Skip to content

My Ministry of Interfaith Peacemaking

What’s involved in interfaith peacemaking?  This message, shared at Limestone Presbyterian Church on July 15, 2012, answers that question, at least from my own experience.


Text: John 14: 1-7

Good morning Limestone friends! It’s good to worship with you again, and I’m glad for this opportunity to share with you a ministry like the one that Paul talked about in his letter to the Romans, a ministry of reconciliation. As the bulletin indicates, last year presbytery commissioned me as an Interfaith Peacemaker. What does that mean? Well, let’s take the idea in two parts: first commissioning, and secondly the ministry of interfaith peacemaking.

If the Holy Spirit puts in your heart an idea to perform a certain ministry, you may want to take that idea to the church and ask them to approve it, and support you in it. I learned this, incidentally, from Quakers, with whom I worship in silence about every other Sunday. Quakers who have experienced an inner call of the Spirit go to their meeting for guidance and support. I went to the presbytery’s Committee on Ministry and told them, “I want presbytery to commission me as an Interfaith Peacemaker.” They said, “What’s that? We can’t find it in the Book of Order.”

So I explained: “I want to help people of different faiths get to know each other and become friends. We have been having interfaith dialogues for years, and that’s great! They help to promote understanding and tolerance, but they don’t go far enough. They don’t build friendships. I want to build interfaith friendships. People of different faiths are fighting and killing each other all over the world. I want to build a preventive fabric of friendships so that that doesn’t happen where I live. Especially I want to reconcile the sons and daughters of Abraham: Jews, Christians, and Muslims. I want to make local Jewish and Muslim friends. I want our friendship to become contagious. I want to use my blogging and film making skills to tell about our friendship, to publish it far and wide. The internet is trumpeting so much hate, and recruiting young fighters. I want to use the internet for interfaith peacemaking! Please commission me as an Interfaith Peacemaker. I want to be responsible and accountable in this work, and I want presbytery to support me in it.”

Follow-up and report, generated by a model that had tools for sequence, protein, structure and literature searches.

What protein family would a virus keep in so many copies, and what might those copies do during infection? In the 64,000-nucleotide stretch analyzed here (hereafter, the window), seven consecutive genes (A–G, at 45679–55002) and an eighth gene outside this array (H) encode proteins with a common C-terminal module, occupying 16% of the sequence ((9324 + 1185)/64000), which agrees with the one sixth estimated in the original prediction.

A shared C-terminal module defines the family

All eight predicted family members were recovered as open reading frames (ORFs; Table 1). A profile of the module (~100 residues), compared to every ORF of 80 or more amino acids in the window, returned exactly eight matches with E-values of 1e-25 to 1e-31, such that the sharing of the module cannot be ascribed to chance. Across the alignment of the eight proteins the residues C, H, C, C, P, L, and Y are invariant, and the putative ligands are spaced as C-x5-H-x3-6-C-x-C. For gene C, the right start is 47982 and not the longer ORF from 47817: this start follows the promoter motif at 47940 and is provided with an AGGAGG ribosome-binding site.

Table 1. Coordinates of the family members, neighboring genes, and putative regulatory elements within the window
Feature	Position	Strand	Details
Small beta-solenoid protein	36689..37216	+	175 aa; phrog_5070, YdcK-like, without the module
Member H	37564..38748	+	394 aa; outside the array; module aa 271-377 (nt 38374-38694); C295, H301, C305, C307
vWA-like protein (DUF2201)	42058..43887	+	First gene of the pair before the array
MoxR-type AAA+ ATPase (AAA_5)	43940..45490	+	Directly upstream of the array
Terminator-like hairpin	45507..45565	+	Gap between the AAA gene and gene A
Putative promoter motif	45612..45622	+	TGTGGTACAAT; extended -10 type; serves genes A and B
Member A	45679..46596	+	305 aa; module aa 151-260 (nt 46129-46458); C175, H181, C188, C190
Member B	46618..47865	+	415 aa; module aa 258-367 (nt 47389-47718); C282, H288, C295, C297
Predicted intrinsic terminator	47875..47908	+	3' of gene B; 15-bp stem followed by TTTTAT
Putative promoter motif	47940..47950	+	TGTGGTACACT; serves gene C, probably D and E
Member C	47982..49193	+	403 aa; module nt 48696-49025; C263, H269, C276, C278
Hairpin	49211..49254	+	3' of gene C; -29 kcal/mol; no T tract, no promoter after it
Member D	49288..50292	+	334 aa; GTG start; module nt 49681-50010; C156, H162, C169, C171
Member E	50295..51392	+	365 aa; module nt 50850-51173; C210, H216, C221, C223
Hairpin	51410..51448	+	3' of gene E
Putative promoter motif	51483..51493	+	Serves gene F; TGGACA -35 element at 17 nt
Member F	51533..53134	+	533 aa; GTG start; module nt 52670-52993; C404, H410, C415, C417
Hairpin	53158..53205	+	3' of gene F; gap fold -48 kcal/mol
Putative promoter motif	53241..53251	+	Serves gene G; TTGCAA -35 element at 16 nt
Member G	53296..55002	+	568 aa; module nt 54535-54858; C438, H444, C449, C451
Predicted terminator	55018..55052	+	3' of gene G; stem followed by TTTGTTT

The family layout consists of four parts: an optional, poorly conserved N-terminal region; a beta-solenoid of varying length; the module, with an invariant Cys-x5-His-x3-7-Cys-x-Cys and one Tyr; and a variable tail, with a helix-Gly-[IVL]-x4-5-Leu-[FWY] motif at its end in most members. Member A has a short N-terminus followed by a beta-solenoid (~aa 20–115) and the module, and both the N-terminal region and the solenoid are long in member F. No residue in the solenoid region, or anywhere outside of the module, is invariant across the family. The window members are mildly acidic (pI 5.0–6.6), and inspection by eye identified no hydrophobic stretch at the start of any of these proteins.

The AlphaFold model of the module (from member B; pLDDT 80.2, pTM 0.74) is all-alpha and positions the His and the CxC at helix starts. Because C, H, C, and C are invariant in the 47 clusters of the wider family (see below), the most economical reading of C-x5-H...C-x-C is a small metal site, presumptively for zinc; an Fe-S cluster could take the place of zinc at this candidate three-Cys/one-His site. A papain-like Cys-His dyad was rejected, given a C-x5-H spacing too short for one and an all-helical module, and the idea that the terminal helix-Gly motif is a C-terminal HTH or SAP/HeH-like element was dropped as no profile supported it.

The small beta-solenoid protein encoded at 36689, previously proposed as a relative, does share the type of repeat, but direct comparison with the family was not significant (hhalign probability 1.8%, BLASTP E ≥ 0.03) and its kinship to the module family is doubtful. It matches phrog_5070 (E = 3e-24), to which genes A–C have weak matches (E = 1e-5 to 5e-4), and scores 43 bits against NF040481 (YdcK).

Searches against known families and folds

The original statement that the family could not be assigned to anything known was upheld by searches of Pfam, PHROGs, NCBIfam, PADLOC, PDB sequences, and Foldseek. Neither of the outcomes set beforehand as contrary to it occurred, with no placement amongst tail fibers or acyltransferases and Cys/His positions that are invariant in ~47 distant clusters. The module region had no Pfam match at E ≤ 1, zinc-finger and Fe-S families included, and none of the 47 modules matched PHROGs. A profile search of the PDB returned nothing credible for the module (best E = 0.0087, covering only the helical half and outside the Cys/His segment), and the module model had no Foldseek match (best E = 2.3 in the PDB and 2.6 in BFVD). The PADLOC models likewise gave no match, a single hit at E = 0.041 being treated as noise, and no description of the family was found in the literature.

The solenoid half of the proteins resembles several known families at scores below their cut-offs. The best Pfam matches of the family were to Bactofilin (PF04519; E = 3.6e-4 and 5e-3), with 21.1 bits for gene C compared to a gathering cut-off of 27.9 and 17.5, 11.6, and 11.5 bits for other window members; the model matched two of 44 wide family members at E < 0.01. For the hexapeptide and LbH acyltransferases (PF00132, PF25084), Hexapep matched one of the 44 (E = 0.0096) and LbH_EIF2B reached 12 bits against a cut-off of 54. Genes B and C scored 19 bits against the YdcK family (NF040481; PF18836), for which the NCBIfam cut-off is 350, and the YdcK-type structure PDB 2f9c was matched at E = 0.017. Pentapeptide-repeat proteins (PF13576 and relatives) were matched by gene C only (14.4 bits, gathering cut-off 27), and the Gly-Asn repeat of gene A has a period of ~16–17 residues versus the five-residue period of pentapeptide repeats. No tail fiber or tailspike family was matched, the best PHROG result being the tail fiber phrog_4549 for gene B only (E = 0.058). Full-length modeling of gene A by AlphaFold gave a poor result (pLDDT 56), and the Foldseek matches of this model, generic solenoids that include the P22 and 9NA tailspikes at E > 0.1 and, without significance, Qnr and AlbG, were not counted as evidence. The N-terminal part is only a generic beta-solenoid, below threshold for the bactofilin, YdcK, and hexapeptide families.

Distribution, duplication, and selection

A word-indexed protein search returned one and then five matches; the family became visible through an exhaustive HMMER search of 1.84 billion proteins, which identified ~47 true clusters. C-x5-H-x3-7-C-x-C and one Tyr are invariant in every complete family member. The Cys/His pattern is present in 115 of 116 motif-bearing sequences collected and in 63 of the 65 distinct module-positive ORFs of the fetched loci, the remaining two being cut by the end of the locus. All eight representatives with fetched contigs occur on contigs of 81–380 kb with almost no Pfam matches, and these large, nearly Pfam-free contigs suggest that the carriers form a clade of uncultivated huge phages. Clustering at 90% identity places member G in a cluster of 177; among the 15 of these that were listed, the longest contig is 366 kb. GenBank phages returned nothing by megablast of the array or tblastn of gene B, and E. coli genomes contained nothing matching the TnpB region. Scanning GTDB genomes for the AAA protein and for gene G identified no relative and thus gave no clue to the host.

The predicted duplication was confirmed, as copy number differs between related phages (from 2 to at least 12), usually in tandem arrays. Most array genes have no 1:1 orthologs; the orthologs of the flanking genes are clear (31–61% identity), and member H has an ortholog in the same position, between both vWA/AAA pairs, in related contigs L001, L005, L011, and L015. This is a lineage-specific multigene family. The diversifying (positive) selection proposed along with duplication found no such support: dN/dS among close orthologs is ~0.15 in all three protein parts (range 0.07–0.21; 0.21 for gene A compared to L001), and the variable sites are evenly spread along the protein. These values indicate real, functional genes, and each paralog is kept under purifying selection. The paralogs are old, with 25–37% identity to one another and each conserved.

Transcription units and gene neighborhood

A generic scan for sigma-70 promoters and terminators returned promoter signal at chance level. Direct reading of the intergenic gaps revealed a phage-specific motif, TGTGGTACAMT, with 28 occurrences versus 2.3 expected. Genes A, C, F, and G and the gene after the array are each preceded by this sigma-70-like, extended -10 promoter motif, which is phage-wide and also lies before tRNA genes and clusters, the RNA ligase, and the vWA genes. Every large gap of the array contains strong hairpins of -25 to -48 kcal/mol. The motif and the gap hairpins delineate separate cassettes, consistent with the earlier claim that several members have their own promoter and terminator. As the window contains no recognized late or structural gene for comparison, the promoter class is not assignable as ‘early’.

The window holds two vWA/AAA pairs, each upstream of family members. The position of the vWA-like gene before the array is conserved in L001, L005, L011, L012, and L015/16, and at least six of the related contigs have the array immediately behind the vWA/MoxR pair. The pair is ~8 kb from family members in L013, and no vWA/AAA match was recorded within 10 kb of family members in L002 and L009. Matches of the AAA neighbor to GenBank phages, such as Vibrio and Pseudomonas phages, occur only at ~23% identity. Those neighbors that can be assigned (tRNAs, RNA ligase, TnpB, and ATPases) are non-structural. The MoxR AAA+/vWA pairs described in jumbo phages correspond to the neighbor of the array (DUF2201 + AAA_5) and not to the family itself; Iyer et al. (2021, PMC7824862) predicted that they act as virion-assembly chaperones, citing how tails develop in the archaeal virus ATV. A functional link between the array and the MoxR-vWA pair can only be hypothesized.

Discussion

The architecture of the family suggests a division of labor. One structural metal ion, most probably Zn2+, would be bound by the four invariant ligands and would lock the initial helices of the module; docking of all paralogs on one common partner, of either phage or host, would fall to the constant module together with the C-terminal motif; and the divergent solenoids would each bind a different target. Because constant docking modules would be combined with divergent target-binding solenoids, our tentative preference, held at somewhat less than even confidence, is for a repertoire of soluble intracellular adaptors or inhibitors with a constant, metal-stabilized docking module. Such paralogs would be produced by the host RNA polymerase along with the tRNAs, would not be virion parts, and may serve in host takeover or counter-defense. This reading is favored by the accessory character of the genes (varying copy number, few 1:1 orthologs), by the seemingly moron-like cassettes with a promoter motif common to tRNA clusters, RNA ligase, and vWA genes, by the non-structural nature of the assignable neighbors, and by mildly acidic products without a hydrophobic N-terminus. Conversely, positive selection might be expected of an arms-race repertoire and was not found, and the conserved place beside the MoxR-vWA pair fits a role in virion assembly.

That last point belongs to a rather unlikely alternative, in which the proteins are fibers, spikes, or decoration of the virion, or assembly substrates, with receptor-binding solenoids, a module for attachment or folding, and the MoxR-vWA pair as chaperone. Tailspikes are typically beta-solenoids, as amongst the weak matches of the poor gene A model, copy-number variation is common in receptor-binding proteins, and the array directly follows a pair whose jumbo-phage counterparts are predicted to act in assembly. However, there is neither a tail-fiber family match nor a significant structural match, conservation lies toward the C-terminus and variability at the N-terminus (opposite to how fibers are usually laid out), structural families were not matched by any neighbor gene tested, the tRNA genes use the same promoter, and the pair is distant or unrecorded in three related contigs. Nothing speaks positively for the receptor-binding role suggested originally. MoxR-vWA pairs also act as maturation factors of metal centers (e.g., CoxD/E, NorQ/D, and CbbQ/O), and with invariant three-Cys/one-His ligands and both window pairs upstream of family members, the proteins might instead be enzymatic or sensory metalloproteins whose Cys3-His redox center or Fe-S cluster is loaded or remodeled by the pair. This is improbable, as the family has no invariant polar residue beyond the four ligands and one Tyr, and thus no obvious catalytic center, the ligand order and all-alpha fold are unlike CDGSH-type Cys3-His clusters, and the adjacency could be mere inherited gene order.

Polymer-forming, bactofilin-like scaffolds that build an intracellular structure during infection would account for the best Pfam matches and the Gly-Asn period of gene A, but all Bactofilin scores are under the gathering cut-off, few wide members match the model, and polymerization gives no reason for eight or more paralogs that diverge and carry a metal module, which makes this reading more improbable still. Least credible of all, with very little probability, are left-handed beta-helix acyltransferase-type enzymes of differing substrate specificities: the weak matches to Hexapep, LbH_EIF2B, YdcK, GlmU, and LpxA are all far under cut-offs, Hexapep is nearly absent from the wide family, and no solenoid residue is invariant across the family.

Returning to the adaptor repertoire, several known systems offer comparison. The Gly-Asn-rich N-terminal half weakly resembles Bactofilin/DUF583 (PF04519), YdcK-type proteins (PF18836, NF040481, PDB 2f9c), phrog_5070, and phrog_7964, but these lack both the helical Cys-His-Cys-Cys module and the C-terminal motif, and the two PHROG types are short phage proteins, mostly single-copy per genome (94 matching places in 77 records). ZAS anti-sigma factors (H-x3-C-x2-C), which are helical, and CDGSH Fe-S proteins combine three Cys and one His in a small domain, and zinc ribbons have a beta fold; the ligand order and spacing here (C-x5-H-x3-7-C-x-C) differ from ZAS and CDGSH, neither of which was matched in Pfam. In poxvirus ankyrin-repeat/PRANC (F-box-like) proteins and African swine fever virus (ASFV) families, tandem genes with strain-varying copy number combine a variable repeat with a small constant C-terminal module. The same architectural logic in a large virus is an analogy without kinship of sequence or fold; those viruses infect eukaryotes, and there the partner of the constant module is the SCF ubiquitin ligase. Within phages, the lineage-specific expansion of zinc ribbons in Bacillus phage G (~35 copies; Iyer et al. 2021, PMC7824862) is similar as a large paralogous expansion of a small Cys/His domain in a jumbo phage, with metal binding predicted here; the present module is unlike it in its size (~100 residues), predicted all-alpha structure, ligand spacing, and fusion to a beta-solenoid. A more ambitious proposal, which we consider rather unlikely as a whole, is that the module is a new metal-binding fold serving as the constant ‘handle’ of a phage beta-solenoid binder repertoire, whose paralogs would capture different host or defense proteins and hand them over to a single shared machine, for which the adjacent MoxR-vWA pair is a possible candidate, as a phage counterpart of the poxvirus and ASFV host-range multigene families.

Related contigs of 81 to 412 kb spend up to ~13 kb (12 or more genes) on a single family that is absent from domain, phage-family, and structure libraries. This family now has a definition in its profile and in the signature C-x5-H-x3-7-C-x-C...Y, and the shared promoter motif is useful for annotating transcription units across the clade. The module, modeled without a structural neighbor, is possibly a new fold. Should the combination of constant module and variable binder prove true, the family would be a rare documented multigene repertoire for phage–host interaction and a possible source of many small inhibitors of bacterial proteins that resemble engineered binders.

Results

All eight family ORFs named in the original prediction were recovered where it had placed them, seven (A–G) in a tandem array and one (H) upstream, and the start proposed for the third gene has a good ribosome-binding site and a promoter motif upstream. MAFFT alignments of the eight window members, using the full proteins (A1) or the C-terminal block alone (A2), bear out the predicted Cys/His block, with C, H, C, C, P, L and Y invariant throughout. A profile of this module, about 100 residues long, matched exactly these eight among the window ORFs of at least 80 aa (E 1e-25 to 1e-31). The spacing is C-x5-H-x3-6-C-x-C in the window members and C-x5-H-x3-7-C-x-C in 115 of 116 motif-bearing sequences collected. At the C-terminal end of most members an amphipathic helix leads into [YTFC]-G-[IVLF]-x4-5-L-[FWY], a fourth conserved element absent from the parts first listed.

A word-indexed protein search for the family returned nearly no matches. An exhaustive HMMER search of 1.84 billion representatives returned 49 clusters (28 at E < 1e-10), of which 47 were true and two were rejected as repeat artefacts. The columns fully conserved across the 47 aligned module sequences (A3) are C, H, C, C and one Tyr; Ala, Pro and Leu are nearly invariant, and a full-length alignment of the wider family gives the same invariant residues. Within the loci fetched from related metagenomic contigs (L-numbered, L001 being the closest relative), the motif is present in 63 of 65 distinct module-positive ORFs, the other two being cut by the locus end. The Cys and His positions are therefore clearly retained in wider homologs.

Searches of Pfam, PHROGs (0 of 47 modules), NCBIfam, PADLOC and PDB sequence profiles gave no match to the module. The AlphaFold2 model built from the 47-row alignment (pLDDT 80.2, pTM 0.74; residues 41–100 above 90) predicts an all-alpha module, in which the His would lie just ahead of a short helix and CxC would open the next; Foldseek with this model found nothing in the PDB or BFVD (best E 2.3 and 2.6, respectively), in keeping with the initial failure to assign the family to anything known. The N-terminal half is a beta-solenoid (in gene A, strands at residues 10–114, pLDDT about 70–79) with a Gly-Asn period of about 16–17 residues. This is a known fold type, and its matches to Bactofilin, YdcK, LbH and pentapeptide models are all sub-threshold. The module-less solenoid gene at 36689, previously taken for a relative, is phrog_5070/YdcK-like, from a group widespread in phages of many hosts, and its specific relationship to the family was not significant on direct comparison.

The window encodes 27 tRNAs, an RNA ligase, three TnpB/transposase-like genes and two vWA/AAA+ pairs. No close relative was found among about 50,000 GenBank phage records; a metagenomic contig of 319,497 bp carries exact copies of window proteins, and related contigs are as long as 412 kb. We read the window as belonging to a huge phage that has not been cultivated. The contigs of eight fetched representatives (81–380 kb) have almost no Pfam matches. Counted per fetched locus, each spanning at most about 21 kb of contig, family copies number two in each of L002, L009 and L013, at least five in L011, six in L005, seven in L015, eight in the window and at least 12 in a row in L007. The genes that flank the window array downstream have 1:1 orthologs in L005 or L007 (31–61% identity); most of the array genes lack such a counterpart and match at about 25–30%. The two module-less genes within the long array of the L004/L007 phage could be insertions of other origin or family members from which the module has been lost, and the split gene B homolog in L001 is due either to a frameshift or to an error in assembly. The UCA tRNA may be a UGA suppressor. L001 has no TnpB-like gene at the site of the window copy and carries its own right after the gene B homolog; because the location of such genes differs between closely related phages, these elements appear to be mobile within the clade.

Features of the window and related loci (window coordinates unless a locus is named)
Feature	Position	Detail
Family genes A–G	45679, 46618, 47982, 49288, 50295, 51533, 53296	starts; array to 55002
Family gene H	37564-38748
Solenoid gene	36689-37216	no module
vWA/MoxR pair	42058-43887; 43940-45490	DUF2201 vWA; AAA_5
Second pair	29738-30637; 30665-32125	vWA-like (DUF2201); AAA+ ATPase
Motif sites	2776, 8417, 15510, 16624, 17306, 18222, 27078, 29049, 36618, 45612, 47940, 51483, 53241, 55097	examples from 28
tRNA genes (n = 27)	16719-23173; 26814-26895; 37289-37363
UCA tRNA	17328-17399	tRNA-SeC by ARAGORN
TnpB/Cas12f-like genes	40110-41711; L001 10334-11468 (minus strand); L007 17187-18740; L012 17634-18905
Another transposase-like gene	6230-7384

In usual Presbyterian fashion, a subcommittee was formed to study the request. It met, deliberated, and recommended approval. To make a long story short, in May of 2011 presbytery commissioned me as an interfaith peacemaker, unanimously! How much your support means to me, fellow Presbyterians! Thank you, Elders of Limestone PC, for listening to my call, and affirming me in it.

How does one begin to make friends across faith lines? At the beginning of this commission, I knew one Jewish rabbi and one Muslim imam. How to widen the circle? Well, I kept my eyes and ears open to find counterparts in other faith communities who were also eager to make interfaith friends. A breakthrough came when my wife noticed a blurb in the Wilmington News Journal about the Muslim Professionals of Delaware, a small organization that is helping young Muslims get educated and find jobs. At the end of that article I read, “We want to reach out to others who are interested in interfaith activities.” Bingo!

I called the number listed and had coffee at a the Newark Dunkin Donuts with six guys in their thirties: engineers, computer wizards, a chemist. I discovered that one of them is a photographer, like myself. I invited him to my home for dinner. He introduced me to a group ofTurkish Muslim grad students at the University of Delaware. They belong to an organization called the Rumi Forum. Rumi was a thirteenth century Afghan poet who is widely read today.

At the end of this month my wife and I will dine with Rumi Forum friends when they break their month-long Ramadan fast. That annual dinner is called Iftar. It features not only feasting, but story telling and singing.

My wife and I have dined in a similar way with Jewish friends, at their Passover Seder meal. Again, story telling, and singing. The way to get invited to such joyful and educational occasions is to reach out to someone else who is reaching out, and say, “Let’s have coffee.” Interfaith peacemaking is built upon friendships.

And friendships are built by sharing stories. In the time that remains, I’d like to share my story about my interfaith journey.

I don’t ever recall being converted to an interfaith point of view. I seem to have been born to it. In my early teens I asked Ted Weissinger, my Sunday school teacher at Westminster Presbyterian Church in Wilmington, whether certain people were damned to hell simply because they were born into Buddhist families. (It never had made sense to me that a benign Creator would condemn millions of persons for losing in a lottery.) To Mr. Weissinger’s credit, he admitted that he knew little about Buddhism, and so, wasn’t prepared to answer my question. He encouraged me, though, to learn more about Buddhism in my school library.

His example of un-anxious honesty, open mindedness, and gentle encouragement, was in fact all the answer I needed.